Here is the story of a recruiter that uses two different ways to find interns using social media.
The story begins in a small Parisian communications agency that is looking to hire an intern to work on an event (to take place in the first half of 2014).
Most trainees were hired for internships in December. To hire during a non-traditional time period, this agency used an imaginative, non-traditional way to find them.
A disruptive job offer
It all started with a very simple presentation of the job on Sideshare with Legos as characters.
In three slides, applicants could find all they need to know: where, when, who and what the position involves. The applicant then sent a tweet to the recruiter who automatically scheduled a Skype interview.
Every applicant had an interview on Skype. The recruiter’s goal was to find the intern with the best skills, whatever he has done before in term of study or internship, even if the applicant did not necessarily have the right qualifications on his resume.
This strategy did not limit the number of interviews, and it gave the agency a surplus of information on each applicant.
Results: More than 10,000 views in one week on the SlideShare presentation. Four people were interested on Twitter and two from Skype interviews, but the ratio of views to the number of responses was disappointing.
Hunting the intern
Even though there was disappointment in terms of the applicant numbers, but not in terms of buzz, the recruiter decided to use research to find the right intern.
The time spent on this strategy was larger, but contacting people on LinkedIn worked. It took a lot of time to choose the right filter: Premium or basic? Is the location is as important as the duties? How to search for an intern with little to no experience? The applicant probably wasn’t looking for an internship by position name.
Results after another week of search: Twenty messages sent, only two replies (one of whom was not interested).
And two others interested on Twitter….
The search on LinkedIn was much more targeted as diplomas and experience were not required on Twitter. The radical change in the search method on LinkedIn shows that old habits die-hard. The agency tried first to be trendy and disruptive, but maybe because of the lack of time to recruit for this position and the lack of applicants from going that route, it went back to basics in term of sourcing.
To conclude: Communication and buzz surrounding the disruptive job offer and social sourcing on LinkedIn seems to be complimentary. The time spent on this research has been optimized thanks to technology still no intern!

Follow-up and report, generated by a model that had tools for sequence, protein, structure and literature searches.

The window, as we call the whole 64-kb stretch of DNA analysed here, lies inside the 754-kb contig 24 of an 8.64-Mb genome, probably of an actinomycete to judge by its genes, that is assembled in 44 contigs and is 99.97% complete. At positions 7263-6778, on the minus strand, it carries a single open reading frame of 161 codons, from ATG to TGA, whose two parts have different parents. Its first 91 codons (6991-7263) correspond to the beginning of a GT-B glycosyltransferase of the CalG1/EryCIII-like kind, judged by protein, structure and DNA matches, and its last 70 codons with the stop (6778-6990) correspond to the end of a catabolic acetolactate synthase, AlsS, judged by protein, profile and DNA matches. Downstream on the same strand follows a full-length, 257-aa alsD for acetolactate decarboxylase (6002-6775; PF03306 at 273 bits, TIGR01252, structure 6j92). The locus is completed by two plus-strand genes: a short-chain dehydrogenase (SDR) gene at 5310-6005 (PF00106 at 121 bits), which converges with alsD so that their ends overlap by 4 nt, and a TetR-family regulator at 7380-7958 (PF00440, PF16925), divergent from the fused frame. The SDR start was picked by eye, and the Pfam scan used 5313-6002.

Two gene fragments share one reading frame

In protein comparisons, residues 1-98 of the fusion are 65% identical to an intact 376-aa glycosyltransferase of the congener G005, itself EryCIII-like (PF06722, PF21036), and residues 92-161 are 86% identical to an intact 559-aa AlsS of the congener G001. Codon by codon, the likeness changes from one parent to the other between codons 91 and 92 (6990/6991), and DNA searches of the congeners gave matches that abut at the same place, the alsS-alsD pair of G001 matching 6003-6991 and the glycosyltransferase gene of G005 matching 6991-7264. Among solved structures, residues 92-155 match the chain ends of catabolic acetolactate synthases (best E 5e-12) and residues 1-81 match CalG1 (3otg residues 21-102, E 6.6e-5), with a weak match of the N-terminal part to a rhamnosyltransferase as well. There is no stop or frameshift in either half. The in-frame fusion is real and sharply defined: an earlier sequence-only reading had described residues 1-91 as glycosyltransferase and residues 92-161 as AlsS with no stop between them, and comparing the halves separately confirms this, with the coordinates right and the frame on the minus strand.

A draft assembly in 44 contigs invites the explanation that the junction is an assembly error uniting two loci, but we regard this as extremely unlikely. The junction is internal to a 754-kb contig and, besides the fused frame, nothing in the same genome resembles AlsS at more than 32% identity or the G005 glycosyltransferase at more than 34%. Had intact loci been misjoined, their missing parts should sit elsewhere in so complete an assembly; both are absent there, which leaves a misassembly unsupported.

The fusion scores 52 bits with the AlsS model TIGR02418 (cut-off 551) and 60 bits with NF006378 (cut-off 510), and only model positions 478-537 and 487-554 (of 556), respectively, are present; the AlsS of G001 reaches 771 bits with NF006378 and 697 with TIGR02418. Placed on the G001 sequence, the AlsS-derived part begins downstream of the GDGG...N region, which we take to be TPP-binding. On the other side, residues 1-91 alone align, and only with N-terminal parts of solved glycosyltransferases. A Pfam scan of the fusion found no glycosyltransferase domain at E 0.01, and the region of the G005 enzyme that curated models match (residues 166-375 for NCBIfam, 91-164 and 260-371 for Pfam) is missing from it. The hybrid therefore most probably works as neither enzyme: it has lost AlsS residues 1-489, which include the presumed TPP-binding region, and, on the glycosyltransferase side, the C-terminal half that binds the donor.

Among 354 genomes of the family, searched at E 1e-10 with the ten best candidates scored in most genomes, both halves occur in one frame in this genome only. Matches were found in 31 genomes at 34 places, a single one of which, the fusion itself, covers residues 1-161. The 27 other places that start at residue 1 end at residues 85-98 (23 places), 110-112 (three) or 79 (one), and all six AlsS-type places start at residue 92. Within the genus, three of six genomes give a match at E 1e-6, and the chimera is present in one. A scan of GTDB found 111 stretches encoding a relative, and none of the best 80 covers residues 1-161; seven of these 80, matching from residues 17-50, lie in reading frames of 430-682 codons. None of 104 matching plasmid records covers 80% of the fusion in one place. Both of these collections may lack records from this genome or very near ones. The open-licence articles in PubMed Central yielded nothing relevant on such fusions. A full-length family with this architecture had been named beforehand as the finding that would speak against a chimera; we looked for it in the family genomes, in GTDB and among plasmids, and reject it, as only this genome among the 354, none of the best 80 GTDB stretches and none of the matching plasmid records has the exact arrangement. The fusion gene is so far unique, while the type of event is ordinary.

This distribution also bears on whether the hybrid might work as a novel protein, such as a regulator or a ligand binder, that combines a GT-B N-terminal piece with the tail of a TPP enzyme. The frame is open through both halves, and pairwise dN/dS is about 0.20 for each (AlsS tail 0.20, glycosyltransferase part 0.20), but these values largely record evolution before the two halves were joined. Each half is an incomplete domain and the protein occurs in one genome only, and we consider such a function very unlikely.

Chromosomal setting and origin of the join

5 things to remember if you want to try a disruptive job offer on Twitter
1. Give it some time. Don’t expect immediate results. This method gives you the ability to source a wide range of profiles since there is no selection based on a user’s degree or work experience, but rather only their profiles and Twitter streams. You may not find the right candidate for your offer immediately. But who knows, you may find a profile that matches another open position in your company.
2. Use the right hashtag. It needs to stand out to be seen. More than 500,000 job offers are posted on Twitter every month and 15 new jobs are posted every minute! The average number of job offers on Twitter has increased by nearly 32% in the past 6 months. At the end of 2014, total job offers will reach over 2 million monthly. #job, #job + location, #recruit are commonly-used hashtags. Try something unique like #joboftheday or #wehireyou.
3. Ask your followers and employees to retweet. You will gain followers, which is never bad for your brand, and the message carries more weight when shared by loyal fans.
4. Provide an “apply to” email address. On social media, candidates may follow a company they like, but they may not be impressed with the idea of answering a job offer in only 140 characters, so you run the risk of losing the shy gem hiding among others just because of a Tweet.
5. Host your job offer on your career website. Leave it short and a little bit mysterious. This way, Twitter candidates will be able to learn more about the job, and you will not miss the candidates from the other world: The internet.
I suggest you use social media to recruit your next intern and compare these two methods. Please share the results with us.